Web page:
It's happened in our family, and probably yours too---that day when we watched our children or other family and friends preparing to take the next step, leaving for some other part of the country. Though we had mixed feelings about their going, we knew that moment had been waiting for us for a very long time. Those partings happen often in today's mobile society, where families are apt to be spread all over  the place.

In most cases the "leavers" depart in good spirits, excited by fresh and hopeful possibilities---a new life chapter to be lived out, new chances to "become." In that light how can we, the ones left behind, begrudge their willingness to take a chance? Still, though we would never stand in the way of their growing and becoming, there is probably a part of us that resists their leaving---at least a little bit.

In a very real sense they are a part of whom we are. In ways we often fail to understand we may have depended on their presence to make our life complete. Though we have no right or inclination to hold them back, we can't help but wish they would stay, or at least not move so far away. Those are the urges that separation produces. I suppose they are as old as mankind.

Of course, in our world of interstate highways and on-time airlines that parting need not be a permanent thing. There will be  opportunities for periodic reunions. Additionally, with today's connecting technology the sting of enforced separation has been softened. The internet and wireless communication, in all their many forms, has made staying in touch with separated family easier and more immediate.

But now I ask you to pause for a moment to shift gears, to gather those thoughts of family partings and come with me to a another time, when leaving the nest was apt to mean something very different.

You see, for days Roma and I have tracked her OregonTrail ancestors over flat, cornfield lined Nebraska highways and crooked, dusty Wyoming backroads---up and down, from the broad Platte River plain to the Continental Divide. We have visited impressive interpretive centers and hiked along riverside trails---seeing first hand the challenges those pioneers endured. My Lord, we even woke up one morning to an early September snow.

Though it has been a satisfying and eventful journey, at some point along the way I found myself dwelling on a unexpected series of melancholy thoughts, October questions I have never seen anyone else address---a sad fact that guidebooks and documentary videos seem to ignore.

Think of it this way. For just about every brave and daring Oregon Trail pioneer family that sold off most everything they owned to raise the hundreds  of dollars their "Oregon dream" would cost, there were family and friends, the ones remaining behind, who waited to say their good-byes as the hopeful travelers left. In a real sense the very core of the emigrants' limited world had gathered to see them off. (Those were 1848 or 9 dollars---which meant many families were too poor to take advantage of the promise of a new start in Oregon.)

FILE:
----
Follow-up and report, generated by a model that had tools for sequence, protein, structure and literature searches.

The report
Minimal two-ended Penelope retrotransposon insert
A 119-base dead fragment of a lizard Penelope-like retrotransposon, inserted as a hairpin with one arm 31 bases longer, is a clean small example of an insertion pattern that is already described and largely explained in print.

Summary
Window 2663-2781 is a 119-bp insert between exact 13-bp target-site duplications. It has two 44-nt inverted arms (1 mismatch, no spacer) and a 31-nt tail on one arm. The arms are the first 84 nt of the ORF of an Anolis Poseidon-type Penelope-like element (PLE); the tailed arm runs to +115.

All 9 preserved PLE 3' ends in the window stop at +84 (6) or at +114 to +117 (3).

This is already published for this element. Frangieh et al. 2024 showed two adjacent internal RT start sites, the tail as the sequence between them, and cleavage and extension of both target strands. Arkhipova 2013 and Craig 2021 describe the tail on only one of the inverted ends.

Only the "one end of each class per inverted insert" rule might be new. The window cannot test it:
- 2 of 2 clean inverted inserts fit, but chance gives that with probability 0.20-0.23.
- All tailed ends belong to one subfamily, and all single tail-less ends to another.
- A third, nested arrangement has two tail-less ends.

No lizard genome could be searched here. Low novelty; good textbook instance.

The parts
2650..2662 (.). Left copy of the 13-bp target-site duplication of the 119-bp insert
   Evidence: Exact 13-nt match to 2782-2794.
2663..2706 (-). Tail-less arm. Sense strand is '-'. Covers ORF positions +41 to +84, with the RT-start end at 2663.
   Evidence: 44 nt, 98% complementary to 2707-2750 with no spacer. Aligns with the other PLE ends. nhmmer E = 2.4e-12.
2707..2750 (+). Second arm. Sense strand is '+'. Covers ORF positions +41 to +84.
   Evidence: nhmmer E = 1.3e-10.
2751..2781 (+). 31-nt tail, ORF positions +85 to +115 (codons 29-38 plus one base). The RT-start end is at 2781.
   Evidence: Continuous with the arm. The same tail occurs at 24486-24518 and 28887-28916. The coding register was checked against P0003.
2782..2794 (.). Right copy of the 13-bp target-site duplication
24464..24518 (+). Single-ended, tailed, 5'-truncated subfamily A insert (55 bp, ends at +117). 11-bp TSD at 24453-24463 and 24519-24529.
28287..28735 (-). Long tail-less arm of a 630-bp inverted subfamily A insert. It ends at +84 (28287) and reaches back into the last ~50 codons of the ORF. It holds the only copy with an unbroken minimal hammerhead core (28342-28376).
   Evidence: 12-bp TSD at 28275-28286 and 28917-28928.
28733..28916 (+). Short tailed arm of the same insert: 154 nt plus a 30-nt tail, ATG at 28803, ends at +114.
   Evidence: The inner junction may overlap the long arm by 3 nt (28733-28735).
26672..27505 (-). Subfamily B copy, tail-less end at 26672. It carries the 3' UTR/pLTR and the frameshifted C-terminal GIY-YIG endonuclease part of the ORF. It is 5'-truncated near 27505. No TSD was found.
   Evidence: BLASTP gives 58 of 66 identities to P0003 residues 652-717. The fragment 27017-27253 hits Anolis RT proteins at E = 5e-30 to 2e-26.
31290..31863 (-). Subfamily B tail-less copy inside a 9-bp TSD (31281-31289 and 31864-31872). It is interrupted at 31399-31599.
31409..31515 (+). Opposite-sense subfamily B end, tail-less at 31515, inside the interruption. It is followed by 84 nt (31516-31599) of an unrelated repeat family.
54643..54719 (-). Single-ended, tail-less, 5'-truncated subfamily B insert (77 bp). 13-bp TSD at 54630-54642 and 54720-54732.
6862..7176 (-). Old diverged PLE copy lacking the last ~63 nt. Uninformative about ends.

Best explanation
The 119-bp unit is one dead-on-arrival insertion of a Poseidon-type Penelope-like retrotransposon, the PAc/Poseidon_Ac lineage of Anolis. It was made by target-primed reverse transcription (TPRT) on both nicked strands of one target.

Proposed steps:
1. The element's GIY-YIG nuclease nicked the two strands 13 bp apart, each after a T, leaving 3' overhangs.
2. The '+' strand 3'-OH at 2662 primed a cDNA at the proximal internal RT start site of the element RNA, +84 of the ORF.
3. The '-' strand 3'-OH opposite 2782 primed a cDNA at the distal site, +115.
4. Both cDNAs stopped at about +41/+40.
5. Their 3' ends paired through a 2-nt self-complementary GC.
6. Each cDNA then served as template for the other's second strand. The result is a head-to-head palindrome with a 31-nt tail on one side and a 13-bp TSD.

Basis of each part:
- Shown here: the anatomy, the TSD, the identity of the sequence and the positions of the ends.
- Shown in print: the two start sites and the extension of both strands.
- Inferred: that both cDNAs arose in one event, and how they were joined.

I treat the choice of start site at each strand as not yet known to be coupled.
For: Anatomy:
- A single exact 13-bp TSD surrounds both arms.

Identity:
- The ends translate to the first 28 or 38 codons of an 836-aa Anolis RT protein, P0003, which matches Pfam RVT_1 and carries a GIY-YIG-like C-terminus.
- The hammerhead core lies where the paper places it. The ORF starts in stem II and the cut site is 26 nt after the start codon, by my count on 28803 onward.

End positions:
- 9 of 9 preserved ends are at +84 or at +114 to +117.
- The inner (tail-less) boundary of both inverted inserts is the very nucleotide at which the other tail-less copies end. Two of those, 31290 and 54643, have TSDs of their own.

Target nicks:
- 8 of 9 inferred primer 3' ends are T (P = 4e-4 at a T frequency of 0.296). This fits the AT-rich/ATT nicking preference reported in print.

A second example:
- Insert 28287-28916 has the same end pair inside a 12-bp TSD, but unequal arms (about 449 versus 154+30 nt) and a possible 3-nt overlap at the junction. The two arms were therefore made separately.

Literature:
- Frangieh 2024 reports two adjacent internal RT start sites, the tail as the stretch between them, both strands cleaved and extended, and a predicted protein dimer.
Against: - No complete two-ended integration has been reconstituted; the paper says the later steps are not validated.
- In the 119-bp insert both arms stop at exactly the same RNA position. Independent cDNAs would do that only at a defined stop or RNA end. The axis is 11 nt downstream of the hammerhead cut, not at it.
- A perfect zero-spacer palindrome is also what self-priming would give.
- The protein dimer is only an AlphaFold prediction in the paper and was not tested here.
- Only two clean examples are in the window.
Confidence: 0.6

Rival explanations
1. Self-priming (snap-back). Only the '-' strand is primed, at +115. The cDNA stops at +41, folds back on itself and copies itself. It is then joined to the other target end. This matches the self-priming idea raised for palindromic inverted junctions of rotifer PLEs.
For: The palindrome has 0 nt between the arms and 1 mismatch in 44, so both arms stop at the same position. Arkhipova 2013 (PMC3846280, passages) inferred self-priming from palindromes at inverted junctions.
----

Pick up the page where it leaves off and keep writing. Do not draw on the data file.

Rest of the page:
There were times, of course, when the departing travelers left no one behind, when the family was remained intact. One of Roma's ancestors joined a wagon train made up entirely of more than 300 members of their Baptist church. The congregation emigrated en masse. And surely there were times when parents and even grandparents, perhaps too old to be undertaking such a venture, joined the overland company simply to avoid being left behind. 

Still, more often than not families were destined to be separated---some leaving, some staying behind. When that happened each of those parties could expect to live the rest of their lives on opposite sides of the Continental Divide.

For many of those left behind that emigration separation was not an entirely new experience. Only a generation or two earlier they had perhaps made a similar, if shorter, journey over the Appalachians to the OhioValley and beyond. That too had been a time of parting trauma, of leaving home for good.

For the Oregon Trail pioneers that parting was framed by the all-too-likely reality that they and the family members who remained at home would never see each other again. After all, the 1840s and 1850s (pre-railroad times) were not a time of mass trans-continental travel. 

The odds of parents, who stayed to tend a subsistence-level farm in mid-America, ever seeing the son, daughter, or sibling who had moved half a continent away to the far-off reaches of a mysterious place called Oregon were slim indeed. In most cases from that time of parting their relationship would have to be sustained by little more than fond memories and long letters. It would be an expensive, painfully slow, and often unsatisfying means of communication. But it was the best there was.

Think about that for a moment. How would you deal with that sort of parting---watching a son or daughter, a brother or sister, ride off to a new life that in all likelihood would never again include you? 
In the name of creating a new, more promising life they were leaving you and their own past behind. It was the only way. And for those left behind? The more I think about them the more I realize that there were two very different sets of heros taking part in that "leaving" drama. 

So here I am, dwelling on a harsh and very permanent kind of parting---the sort few of us can get our minds around. Take a moment  to imagine that your son or daughter is standing in the doorway, suitcase in hand, preparing to leave you---forever. From that moment on your only contact will be in the form of long letters from far away. The moment they turn their back on you for the last time your relationship will be a matter of memories and words on paper.